|Aesthetic, Arts & Crafts|
A high-shouldered, narrow-necked vessel is adorned with a repeating incised pattern...
A high-shouldered, narrow-necked vessel is adorned with a repeating incised pattern of stylized foliage and blossoms. The surface decoration enhances the shape without interrupting the strong, simple profile of the vase. A blue ground color complements the more earthy tones of green and brown with key elements in a slightly more matte off-white glaze. The structure of the pattern is defined by strategically placed rows of beading.
Simmance, who worked for Doulton for fifty-five years was one of the pottery's most prolific and versatile decorators. She supervised a staff of assistants who executed her designs, accounting for the monogram of Emma Martin that accompanies that of Simmance.
|Mark:||Impressed oval mark with date; incised monogram for Eliza Simmance and Emma Martin (assistant)|
|Dimensions:||Height 6 1/4 in.; diameter at shoulder 4 1/8 in.; at foot 2 3/8 in.|
In 1815 John Doulton entered into a partnership to produce stoneware which eventually in 1...
In 1815 John Doulton entered into a partnership to produce stoneware which eventually in 1854 became Doulton & Co. The product was functional--bottles and pipes--with decoration a very secondary concern. John's son Henry, however, entered into a relationship with the Lambeth School of Art in the early 1870's to establish a studio to produce unique artist-decorated pieces, one of the earliest flowerings of the art pottery movement. Doulton expanded into table wares and porcelain after acquiring the Staffordshire pottery, Pinder Bourne, and in 1901 received the warrant to become Royal Doulton. Art production in Lambeth reached a peak in the 1890's and continued well into the twentieth century, though with a slow decline in quantities produced and decorators employed.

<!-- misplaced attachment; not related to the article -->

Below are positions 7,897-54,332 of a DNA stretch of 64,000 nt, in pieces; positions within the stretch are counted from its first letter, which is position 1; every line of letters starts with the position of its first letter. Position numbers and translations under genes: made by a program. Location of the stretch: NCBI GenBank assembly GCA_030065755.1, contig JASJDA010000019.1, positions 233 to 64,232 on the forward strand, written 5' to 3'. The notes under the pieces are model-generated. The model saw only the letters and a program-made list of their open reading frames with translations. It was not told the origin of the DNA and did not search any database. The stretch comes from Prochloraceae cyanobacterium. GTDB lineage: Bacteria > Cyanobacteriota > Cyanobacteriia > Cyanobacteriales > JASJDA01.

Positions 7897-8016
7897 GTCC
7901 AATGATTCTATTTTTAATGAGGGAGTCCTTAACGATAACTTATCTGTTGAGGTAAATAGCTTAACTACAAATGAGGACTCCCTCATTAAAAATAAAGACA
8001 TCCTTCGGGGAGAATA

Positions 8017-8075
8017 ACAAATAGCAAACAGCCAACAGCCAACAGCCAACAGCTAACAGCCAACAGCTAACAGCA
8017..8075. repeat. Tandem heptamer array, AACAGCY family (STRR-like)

Generally the Lambeth studio emphasized surface decoration, reflecting contemporary interest in flat patterns. Typically designs are incised. Colored glazes complement the pattern but were seldom allowed to completely obscure the natural tones of the stoneware body.